Hope this helps a bit.
Reply With Quote
  •   #2  
    Unread 12-02-2005, 11:57 AM
    Platinum Member
     
    Join Date: Jun 2001
    Location: Potomac River
    Posts: 5,071
    Re: Bino buying - performance factors - long

    [ QUOTE ]
    The 50 – 150 tier are only for the most modest of uses – little league games and the like, and almost never of sufficient quality to endure long in field use. Poor barrel alignment is a frequent problem in this category.

    [/ QUOTE ]


    [ QUOTE ]
    or slight (or worse) whiteness to the image

    [/ QUOTE ]


    [ QUOTE ]
    “flat”

    [/ QUOTE ]

    [ QUOTE ]
    First, focus

    [/ QUOTE ]



    I don't beleive you missed any of the problems associated with my binoculars

    Thanks, nothing like having an expert point out your flaws and mistakes. The difference between you and the dental hygienist is I have to pay her $100 to be insulted. At least you do it for free. [img]/ubbthreads/images/graemlins/grin.gif[/img]
    __________________
    The Smokin Fur Rifle Club
    Reply With Quote

      #3  
    Unread 12-02-2005, 02:06 PM
    Gold Member
     
    Join Date: Jan 2003
    Location: centre,alabama
    Posts: 948
    Re: Bino buying - performance factors - long

    My 10X50's from wally world work great! <font color="red"> </font> Roll Tide!
    Reply With Quote
      #4  
    Unread 12-02-2005, 02:22 PM
    Silver Member
     
    Join Date: Oct 2005
    Posts: 172
    Re: Bino buying - performance factors - long

    Yikes! Not my intent at all. [img]/ubbthreads/images/graemlins/shocked.gif[/img] Just trying to help folks here avoid the mistakes I and others have made and learned the hard (and expensive) way.

    My first pair were some all plastic Nikons. I don't know if they were out of alignment when I bought them for $49 or after they started warping on a hot afternoon.

    The most unexpected binos I've ever seen someone show up with was a field trip participant with some things reportedly used on Russian subs. They were about the size of two spotting scopes bolted together. I swear, they must have weighed almost ten pounds. The image was like looking through wax paper. The guy was shocked when I let him look through a spare set I keep on hand for just such situations. I thinked he probably took the beasts and used them to beat whoever sold them to him.
    Reply With Quote
      #5  
    Unread 12-02-2005, 05:40 PM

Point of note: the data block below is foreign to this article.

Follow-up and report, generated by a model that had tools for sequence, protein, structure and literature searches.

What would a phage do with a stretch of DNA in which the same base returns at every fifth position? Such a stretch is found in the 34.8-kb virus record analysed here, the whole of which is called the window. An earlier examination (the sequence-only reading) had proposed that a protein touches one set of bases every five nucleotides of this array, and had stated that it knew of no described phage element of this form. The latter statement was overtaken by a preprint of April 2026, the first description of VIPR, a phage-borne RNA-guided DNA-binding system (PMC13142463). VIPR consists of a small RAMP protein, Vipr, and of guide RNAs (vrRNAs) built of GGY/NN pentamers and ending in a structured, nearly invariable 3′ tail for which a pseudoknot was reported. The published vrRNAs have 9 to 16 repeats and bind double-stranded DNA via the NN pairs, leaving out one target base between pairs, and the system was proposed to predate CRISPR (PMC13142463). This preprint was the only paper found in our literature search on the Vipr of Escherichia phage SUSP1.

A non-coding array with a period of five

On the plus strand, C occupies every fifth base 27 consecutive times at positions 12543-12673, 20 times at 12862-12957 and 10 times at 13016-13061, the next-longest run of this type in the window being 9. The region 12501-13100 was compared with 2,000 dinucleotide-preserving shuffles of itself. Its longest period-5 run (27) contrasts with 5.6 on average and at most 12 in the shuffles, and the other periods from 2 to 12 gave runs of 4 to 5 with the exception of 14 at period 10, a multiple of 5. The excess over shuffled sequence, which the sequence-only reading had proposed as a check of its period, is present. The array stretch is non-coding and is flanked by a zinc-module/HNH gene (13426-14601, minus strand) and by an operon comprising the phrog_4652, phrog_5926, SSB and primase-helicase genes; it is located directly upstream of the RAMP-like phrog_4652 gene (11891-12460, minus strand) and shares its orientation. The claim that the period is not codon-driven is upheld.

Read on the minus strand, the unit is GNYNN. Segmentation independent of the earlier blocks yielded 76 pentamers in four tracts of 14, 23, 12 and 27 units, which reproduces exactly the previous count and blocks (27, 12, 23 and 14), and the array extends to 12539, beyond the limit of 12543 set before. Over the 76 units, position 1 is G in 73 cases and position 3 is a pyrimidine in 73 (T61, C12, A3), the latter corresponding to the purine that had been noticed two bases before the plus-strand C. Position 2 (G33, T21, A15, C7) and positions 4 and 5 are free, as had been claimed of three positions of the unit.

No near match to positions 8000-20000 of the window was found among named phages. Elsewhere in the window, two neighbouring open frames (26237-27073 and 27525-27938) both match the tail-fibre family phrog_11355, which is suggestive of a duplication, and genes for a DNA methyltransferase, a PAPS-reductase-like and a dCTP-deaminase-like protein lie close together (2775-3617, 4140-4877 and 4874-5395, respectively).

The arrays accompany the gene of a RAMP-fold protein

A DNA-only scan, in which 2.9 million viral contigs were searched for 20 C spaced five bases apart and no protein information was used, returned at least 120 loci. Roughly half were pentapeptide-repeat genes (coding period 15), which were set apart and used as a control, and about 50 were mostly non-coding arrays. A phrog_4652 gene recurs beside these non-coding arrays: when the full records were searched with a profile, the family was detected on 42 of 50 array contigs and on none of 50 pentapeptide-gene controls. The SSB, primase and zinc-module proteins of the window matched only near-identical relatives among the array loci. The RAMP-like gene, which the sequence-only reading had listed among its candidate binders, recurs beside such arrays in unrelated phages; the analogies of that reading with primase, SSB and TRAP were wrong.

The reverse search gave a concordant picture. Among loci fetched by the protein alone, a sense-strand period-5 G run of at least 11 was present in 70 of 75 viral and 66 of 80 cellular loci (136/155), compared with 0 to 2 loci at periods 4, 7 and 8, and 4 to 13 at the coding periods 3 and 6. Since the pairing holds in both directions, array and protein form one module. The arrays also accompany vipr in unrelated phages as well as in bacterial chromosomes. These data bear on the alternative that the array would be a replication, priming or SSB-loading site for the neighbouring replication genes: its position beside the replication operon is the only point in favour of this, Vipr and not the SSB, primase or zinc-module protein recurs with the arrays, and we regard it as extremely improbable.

Platinum Member
     
    Join Date: Jun 2001
    Location: Potomac River
    Posts: 5,071
    Re: Bino buying - performance factors - long

    Sniper2

    Looks like the Cotton Bowl vs Texas Tech.

    Jeff Bird.

    Plastic Nikons, how did you know?

    My highest compliment to someone is when I copy and paste their post into a word document and save it in my longrange hunting file on my hard drive. Not many make it there.

    Kirby, ABINOK, Darryl Cassel, Dave King and now you have made it to the hard drive.
    __________________
    The Smokin Fur Rifle Club
    Reply With Quote
      #6  
    Unread 12-02-2005, 05:59 PM
    Silver Member
     
    Join Date: Oct 2005
    Posts: 172
    Re: Bino buying - performance factors - long

    Plastic Nikons (except for the lens) - well in hindsight it was readily and painfully apparent once they sat on a hot dashboard and started warping and I looked at them very closely. For $49, I should have known better. Who knows, perhaps they were copycats. Anyway, this was 15 or 20 years ago and I would hope nothing like that is on the market now. In the last several years, Nikon has radically improved the quality of their binos as has Pentax for that matter.

    The best of the best in binos, at the moment and it changes every couple of years, are Leica, Zeiss, and Swarovski. Recently Nikon and Pentax are up there in many birders' opinion.

    Thanks for the compliment. Have a good weekend.
    Reply With Quote
      #7  
    Unread 12-02-2005, 06:57 PM
    Gold Member
     
    Join Date: Jan 2003
    Location: centre,alabama
    Posts: 948
    Re: Bino buying - performance factors - long

    It's a shame we got so many people injured, the team we stopped with is not the same team we started with! The 10X50 Nikons I purchased at wally world are good optics. [img]/ubbthreads/images/graemlins/tongue.gif[/img]
    Reply With Quote
    Reply

    Bookmarks

    Thread Tools
    Display Modes


    Similar Threads for: Bino buying - performance factors - long
    Thread Thread Starter Forum Replies Last Post
    Long range performance of TC Venture? Hillrunner Rifles, Bullets, Barrels & Ballistics 11 02-21-2012 11:49 PM
    looking at buying a long range rifle soundwaves Long Range Hunting & Shooting 1 02-07-2011 01:59 PM
    Bullet Performance at Long Range. Captn C Long Range Hunting & Shooting 23 12-17-2007 10:02 AM
    Stability factors 257speed Rifles, Bullets, Barrels & Ballistics 1 03-01-2005 09:25 AM
    buying new long range rifle longrangegunner52 The Basics, Starting Out 11 05-27-2004 09:40 PM


    All times are GMT -5. The time now is 09:55 PM.


    Powered by vBulletin ©2000 - 2016, Jelsoft Enterprises Ltd.
    Content Management Powered by vBadvanced CMPS
    All content ©2010-2015 Long Range Hunting, LLC